Some paleontologists call these guys "The Sheep of the Cretaceous."
— Allen, describing Protoceratops
Protoceratops ("First-Horned Face") is a sheep-sized ceratopsian dinosaur that lived in what is now Mongolia during the Late Cretaceous Period from about 80-65 million years ago. It is a more primitive relation of the more famous Triceratops.



Protoceratops lived in prehistoric Mongolia during the Late Cretaceous period from 80-65 million years ago. They shared their environment with dinosaurs like Saurolophus, Velociraptor, Mononykus, Therizinosaurus, and Tarbosaurus. They were among the first members of the ceratopsian dinosaur family, hence their name. Protoceratops were also very common during their time in the Mongolian desert. Some paleontologists today call these dinosaurs "The Sheep of the Cretaceous." Protoceratops was first discovered in Mongolia in 1923 by Walter W. Granger and W.K. Gregory.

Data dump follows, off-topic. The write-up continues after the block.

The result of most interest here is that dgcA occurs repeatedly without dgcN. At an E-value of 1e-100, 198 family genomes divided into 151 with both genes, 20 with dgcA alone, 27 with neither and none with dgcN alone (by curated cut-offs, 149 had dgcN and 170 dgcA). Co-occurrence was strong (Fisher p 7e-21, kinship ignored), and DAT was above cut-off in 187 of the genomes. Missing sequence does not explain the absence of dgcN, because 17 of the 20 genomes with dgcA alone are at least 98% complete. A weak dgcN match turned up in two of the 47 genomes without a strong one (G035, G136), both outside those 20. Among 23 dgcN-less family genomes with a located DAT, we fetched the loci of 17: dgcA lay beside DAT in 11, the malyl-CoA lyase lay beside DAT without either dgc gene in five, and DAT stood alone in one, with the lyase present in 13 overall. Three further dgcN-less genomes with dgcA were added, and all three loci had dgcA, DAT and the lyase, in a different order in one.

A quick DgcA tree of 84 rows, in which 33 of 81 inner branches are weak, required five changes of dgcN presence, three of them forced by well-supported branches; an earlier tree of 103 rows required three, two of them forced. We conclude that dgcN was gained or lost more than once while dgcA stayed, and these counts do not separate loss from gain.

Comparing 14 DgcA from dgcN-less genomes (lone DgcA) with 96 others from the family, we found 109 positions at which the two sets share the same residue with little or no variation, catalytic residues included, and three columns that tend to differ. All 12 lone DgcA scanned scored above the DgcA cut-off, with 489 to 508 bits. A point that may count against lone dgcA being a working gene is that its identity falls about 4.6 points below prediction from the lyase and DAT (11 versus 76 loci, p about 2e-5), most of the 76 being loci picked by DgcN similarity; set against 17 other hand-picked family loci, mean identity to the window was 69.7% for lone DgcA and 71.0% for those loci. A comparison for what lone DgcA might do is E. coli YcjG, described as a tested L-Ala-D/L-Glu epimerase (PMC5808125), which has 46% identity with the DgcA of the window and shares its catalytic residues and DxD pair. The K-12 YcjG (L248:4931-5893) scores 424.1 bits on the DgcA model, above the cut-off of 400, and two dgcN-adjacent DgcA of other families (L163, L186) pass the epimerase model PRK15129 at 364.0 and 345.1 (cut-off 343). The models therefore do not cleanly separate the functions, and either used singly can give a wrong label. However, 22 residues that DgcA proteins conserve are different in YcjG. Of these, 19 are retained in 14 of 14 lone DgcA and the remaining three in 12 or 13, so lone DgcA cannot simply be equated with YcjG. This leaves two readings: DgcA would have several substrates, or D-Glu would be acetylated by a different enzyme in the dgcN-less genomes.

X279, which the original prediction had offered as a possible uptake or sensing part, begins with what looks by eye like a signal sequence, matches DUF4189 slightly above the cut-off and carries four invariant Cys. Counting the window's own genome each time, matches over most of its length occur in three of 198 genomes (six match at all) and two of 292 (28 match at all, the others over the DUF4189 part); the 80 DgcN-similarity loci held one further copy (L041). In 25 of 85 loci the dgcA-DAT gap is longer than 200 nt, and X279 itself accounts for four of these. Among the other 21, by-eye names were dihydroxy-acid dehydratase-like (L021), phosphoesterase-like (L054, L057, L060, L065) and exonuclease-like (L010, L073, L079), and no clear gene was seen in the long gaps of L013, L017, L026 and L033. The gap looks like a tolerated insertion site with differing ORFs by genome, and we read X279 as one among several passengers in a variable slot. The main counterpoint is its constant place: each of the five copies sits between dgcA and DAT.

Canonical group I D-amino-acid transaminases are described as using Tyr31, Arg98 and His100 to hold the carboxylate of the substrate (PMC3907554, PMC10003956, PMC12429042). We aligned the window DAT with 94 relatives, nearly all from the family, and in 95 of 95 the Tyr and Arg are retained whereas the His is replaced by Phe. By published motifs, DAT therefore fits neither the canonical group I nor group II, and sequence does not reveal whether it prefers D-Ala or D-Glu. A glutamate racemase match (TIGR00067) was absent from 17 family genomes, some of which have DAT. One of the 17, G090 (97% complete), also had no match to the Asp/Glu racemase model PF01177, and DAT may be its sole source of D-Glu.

Although these were relatively small herbivores compared to a majority of other dinosaurs, a fully grown Protoceratops was roughly about the size of a sheep, measuring around 7 feet in length, standing 3-4 feet tall at the hips, and weighing as much as 600 pounds. They are brownish-green in color.

Its forelimbs were shorter than its hind limbs. It also had a short tail and a large head with a small frill They also possessed very strong, formidable, sharp, and powerful beaks with sharp teeth. A strike from their beaks possessed enough force to snap the arms or legs on any animal of similar size and probably even humans.


Protoceratops not only lived in herds like many plant eaters, which their numbers were sometimes small, but they also lived in huge nesting colonies. They were also often solitary creatures as well and also lived in small groups. Protoceratops often clashed for territory with each other and were rather belligerent but are also described as being just as docile as sheep.